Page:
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Frost/Nixon (2008)

May 25, 2009

7/10 Cheeseburgers

One more reason why I wished I had actually paid attention in history class throughout my life.

Frost/Nixon is a period piece about a series of investigative interviews held in 1977 between David Frost, a little-known talk show host with no journalistic experience, and Richard Nixon in hopes to get the ex-president to own up to the various cover-ups that led to his ultimate resignation.

It’s a good movie, but it doesn’t do a whole lot to revolutionize the “talking heads” genre. So if watching people talk for two hours isn’t your thing, Frost/Nixon isn’t going to be changing your mind any time soon. But I like “talking heads” movies, so I’m giving it my recommendation.

I really didn’t know much about the Frost/Nixon interviews up until this movie came out. Now, if you’re going into this thinking this is going to be a history lesson, like something along the lines of Thirteen Days, then not to worry. This is a movie that’s all about character development, not a re-enactment of a documentary. But even so, thanks to Nixon’s infamous presidency, the movie’s subject matter does a good job of holding your interest if you’ve never heard of the debates whatsoever.

The story of David Frost and his rag-tag team of investigators that are hell-bent on bringing Nixon to justice has its moments, but when push comes to shove, this movie’s all about Nixon. And Frank Langella does one hell of a job putting him to screen.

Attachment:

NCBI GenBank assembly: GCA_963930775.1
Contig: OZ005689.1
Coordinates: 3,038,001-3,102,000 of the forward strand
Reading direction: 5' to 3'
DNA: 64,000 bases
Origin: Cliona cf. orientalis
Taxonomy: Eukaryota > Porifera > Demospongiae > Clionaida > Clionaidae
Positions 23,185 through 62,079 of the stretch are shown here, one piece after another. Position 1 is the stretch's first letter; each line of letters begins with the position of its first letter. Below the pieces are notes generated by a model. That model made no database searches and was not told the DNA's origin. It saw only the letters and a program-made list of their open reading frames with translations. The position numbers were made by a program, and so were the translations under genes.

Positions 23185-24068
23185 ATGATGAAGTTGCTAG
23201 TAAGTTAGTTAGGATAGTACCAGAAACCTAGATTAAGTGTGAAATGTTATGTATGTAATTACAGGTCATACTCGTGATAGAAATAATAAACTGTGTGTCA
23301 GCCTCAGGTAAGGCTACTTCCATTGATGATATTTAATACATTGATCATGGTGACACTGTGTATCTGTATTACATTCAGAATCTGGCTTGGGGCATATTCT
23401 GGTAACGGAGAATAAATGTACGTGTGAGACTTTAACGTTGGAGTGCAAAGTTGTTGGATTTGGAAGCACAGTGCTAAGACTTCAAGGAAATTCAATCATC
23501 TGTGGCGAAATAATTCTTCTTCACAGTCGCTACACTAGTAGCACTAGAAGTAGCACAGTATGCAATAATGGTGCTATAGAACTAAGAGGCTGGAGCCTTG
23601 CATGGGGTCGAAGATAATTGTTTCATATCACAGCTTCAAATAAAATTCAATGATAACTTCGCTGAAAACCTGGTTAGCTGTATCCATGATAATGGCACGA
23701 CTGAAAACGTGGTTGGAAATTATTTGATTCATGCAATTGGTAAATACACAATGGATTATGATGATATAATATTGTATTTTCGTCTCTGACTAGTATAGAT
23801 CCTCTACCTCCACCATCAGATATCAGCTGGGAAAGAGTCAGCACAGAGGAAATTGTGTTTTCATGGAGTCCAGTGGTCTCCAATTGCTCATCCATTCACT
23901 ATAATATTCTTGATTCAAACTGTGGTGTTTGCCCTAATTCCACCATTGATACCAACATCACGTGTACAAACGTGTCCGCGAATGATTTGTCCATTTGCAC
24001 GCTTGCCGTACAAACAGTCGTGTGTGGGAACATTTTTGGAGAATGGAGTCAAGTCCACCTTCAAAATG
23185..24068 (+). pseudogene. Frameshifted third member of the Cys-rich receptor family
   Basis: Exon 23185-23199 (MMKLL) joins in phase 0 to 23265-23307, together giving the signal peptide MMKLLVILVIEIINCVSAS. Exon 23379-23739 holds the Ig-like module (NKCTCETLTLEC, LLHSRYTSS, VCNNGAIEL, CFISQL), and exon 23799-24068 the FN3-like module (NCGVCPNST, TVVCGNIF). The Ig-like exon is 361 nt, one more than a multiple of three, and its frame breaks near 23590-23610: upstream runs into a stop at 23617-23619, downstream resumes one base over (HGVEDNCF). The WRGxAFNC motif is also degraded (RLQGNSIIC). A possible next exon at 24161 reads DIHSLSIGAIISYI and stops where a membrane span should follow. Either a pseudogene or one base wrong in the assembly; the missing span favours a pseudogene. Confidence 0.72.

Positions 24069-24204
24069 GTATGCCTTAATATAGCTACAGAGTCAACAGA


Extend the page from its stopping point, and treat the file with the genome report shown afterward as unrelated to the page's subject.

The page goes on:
Even though Langella doesn’t look like Richard Nixon, it’s pretty much the only thing about Nixon that he doesn’t have down pat. It’s one wild show he puts on. You notice the physical differences for about the first five minutes, then you just get lost in him. It wasn’t long before I was thinking “This guy I’m watching here, this is the real Nixon. That other Nixon I learned about in high school is a damn impostor.”

There’s a reason he got nominated for an Oscar and he really makes this movie worth watching. He’s one of these guys that’s been in a million things but you can never remember his name, and apparently it’s high time he started being recognized. Making the audience feel sympathy for Richard Nixon is a feat in itself, but Langella does it like he’s been playing Tricky Dick all his life.

The directing is fine, the writing is pretty good, but like I said, Langella’s the reason to see Frost/Nixon. So keep your eyes open for the next movie he’s starring in.

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